“Ahead of time, we question them about the things they’re doing,” Brown explains. “If they’ve done music, they try the art programs. If they’ve done art, they try music. The point is that maybe the outlet they have right now isn’t as effective as they want it to be, and trying something different may help.”

Building community plays a significant role as well. “One of the biggest pieces of our programs,” explains Yepsen, “is that we always have veteran mentors.” Past participants are paired with new ones. “We really try to tailor this mentor relationship with individual veterans — if you were a Marine who served in Iraq post-9/11, we’ll try to find you a mentor-alumnus who has a similar service history.

“One of the biggest benefits from being connected with the veteran community,” Yepsen notes, “is that we do get contacted by people who say, ‘Hey, my friend is not doing well, and I think they would benefit from one of your programs: can you help them?’ And we reach out and see what we can do by getting them involved as quickly as possible.”

Elizabeth Huefner recounts the story of an art-program participant whose friend, an alumnus, put him in touch with the organization a few years ago. “This guy was thinking, ‘All right, I’ll go out there, and do all of this artsy-fartsy stuff for a few weeks, and then I’ll go back home and blow my brains out.’ He was very suicidal. Then he came through the art program, and today he’s our veterans outreach coordinator.”

Sharing personal experiences with potential participants, who are often skeptical, creates a personal connection before the participant even arrives. The organization also provides guidance to those who discover that they may want to pursue the arts at a professional level.

“We have a separate program for people who actually want to pursue a creative career,” says Huefner, who has recently begun working with female veterans on music instruction. Among other possibilities, alumni may enroll at discounted rates at the art institution where they’ve studied. Adds Yepsen, “One of the benefits that we have is in providing smaller-sized classes, where there are maybe eight to ten veteran students. They can develop an intimate relationship with the university and the university instructors, so that if they do have an interest in going [on], we can help them with making those connections.”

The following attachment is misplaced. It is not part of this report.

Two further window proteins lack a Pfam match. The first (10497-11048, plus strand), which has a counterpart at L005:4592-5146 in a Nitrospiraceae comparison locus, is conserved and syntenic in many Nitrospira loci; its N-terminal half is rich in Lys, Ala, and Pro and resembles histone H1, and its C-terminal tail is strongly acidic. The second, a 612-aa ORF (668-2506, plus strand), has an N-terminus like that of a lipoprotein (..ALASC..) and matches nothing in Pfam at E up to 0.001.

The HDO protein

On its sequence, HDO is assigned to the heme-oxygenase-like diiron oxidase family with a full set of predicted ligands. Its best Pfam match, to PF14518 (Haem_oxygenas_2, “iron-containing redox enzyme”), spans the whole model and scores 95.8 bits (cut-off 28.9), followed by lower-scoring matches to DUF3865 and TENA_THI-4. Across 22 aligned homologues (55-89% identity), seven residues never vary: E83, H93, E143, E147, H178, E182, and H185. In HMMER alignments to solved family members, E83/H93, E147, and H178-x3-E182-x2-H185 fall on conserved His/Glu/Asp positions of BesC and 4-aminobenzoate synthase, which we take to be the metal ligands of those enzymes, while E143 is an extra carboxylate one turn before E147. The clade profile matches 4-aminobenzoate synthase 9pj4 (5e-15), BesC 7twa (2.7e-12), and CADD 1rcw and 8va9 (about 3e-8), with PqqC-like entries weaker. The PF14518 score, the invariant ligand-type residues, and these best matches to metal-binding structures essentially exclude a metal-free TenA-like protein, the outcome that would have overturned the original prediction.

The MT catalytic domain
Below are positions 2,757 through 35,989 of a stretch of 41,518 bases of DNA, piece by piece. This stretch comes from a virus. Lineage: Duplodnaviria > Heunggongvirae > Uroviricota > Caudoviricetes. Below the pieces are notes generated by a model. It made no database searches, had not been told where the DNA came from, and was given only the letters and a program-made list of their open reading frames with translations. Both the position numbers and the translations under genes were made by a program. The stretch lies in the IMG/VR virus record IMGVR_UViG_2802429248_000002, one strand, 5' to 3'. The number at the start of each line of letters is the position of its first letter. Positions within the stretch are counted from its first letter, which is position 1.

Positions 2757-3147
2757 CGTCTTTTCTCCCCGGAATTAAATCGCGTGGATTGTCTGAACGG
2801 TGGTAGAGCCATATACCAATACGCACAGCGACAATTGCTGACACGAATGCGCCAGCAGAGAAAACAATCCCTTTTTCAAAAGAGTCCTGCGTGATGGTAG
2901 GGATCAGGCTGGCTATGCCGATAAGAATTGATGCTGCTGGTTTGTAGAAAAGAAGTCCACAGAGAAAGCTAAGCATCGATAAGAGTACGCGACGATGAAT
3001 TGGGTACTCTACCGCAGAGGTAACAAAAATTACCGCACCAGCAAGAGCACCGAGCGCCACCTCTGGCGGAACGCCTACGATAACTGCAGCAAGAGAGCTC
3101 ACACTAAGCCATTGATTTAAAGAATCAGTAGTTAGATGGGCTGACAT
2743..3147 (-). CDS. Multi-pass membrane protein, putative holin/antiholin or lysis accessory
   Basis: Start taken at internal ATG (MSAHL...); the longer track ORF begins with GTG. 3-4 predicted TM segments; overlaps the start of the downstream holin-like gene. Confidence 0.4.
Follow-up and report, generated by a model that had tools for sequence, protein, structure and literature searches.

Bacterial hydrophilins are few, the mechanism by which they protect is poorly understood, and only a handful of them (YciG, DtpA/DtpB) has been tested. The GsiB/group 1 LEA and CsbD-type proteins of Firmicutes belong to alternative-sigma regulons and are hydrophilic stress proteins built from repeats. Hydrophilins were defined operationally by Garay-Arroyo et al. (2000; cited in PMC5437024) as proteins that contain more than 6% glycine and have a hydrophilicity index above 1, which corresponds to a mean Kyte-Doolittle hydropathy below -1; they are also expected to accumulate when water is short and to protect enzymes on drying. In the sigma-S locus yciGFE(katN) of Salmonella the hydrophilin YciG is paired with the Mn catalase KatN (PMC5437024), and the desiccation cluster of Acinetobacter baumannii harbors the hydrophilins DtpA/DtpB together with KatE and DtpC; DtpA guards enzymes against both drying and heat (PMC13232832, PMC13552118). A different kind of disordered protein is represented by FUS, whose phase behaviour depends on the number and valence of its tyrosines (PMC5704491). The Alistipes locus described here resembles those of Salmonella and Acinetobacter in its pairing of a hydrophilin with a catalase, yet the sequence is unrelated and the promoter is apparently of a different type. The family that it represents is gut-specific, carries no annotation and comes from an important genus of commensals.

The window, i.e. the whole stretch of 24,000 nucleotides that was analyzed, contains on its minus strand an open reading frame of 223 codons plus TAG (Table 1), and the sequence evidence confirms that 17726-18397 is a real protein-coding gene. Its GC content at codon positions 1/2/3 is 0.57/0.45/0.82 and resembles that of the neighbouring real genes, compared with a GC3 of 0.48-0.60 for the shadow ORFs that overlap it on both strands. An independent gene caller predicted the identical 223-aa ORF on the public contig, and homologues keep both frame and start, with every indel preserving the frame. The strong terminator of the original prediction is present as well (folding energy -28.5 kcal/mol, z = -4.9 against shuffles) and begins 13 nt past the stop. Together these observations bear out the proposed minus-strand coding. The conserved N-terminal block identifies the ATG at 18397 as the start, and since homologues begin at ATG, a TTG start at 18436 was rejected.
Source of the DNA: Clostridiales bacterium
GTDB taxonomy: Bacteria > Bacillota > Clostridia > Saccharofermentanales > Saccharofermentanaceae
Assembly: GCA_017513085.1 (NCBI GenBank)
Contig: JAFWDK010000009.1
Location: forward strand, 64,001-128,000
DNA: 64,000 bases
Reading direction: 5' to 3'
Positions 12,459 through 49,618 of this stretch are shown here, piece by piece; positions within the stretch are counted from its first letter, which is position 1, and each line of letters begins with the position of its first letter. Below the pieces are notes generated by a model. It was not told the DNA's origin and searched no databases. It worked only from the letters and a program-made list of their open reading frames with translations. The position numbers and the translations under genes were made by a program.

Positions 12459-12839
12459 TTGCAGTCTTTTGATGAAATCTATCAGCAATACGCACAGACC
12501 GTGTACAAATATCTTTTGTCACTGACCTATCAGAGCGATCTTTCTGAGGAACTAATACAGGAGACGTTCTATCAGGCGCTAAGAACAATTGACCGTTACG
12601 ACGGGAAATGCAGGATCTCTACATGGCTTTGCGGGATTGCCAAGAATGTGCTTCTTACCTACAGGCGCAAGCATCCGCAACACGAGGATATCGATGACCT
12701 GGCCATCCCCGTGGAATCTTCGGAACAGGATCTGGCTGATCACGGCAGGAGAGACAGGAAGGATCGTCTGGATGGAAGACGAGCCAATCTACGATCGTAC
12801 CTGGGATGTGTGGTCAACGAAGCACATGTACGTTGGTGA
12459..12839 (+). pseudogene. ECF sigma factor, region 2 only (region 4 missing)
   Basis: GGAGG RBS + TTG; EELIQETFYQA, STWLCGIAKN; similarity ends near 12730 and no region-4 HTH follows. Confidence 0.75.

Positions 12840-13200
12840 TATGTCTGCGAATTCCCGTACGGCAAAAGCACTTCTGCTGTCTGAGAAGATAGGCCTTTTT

Past participants are brought back not only as mentors but as teaching assistants to help both students and instructors. “The class is still led by the university professor or instructor,” Yepsen explains, “but the program alums are there, too. They stay on campus with the veterans, so that if somebody has a trigger at two o’clock in the morning, they can walk down the hall and knock on their mentor’s door. And we bring them back not only so that they can help in the classroom and outside of it, but so they can also further explore their own artistic interests.” This gives alumni a second opportunity to work with the educational institution — one came to the program with no artistic experience at all and is now a professional photographer. Another has paintings represented in regional galleries: both come back to mentor and instruct.

“We’re not suggesting that art is something these vets have to take away and try doing for the rest of their lives,” Brown says, “but they always keep up with each other, and there’s always a handful in every class that become practically inseparable. A lot of our alumni are still talking to each other on the phone, or meeting up when they’re in the same city. The community that we’ve built within the programming we offer is so vital to their continuing to reach out, stay active and tell their story.”

Yepsen sees the organization as part of the “American agreement.”

“Part of being Americans is that we have a role to play in the world. We all say, ‘Respect the troops,’ and ‘Thank you for your service,’ but this is that next step. I think it’s a requirement for Americans to make sure that men and women who volunteered, when they need something, it’s our job to step up and say, ‘This is our part of the American agreement that we all have with each other, and we’re going to take care of you.’”

“Kyle and I are both civilians,” agrees Huefner, “and personally I have no military family or background. I’ve always been patriotic and appreciative of what our military does and the sacrifices they make. But there just aren’t enough things in place to help, or to reach so many people coming back with so many problems.” To address this, she says, the organization is starting chapters around the country to connect veterans, even for something as simple as a regular cup of coffee.

“The biggest benefit of having these community groups,” adds Brown, “is that if they know [someone] who is struggling, they can reach out and talk to them, and then someone at a chapter level can come to us to see if our programming can help. If we can build these communities, we can try to address that by reaching more people.

“Knowing how much of an impact this programming has made on individual vets, and being able to bring that to someone else,” Brown concludes, “and watch them connect through something like art, and to be a part of it… Maybe this is just a small group, but it’s such an important one.”

This article was originally published in The Spectator’s July 2024 World edition.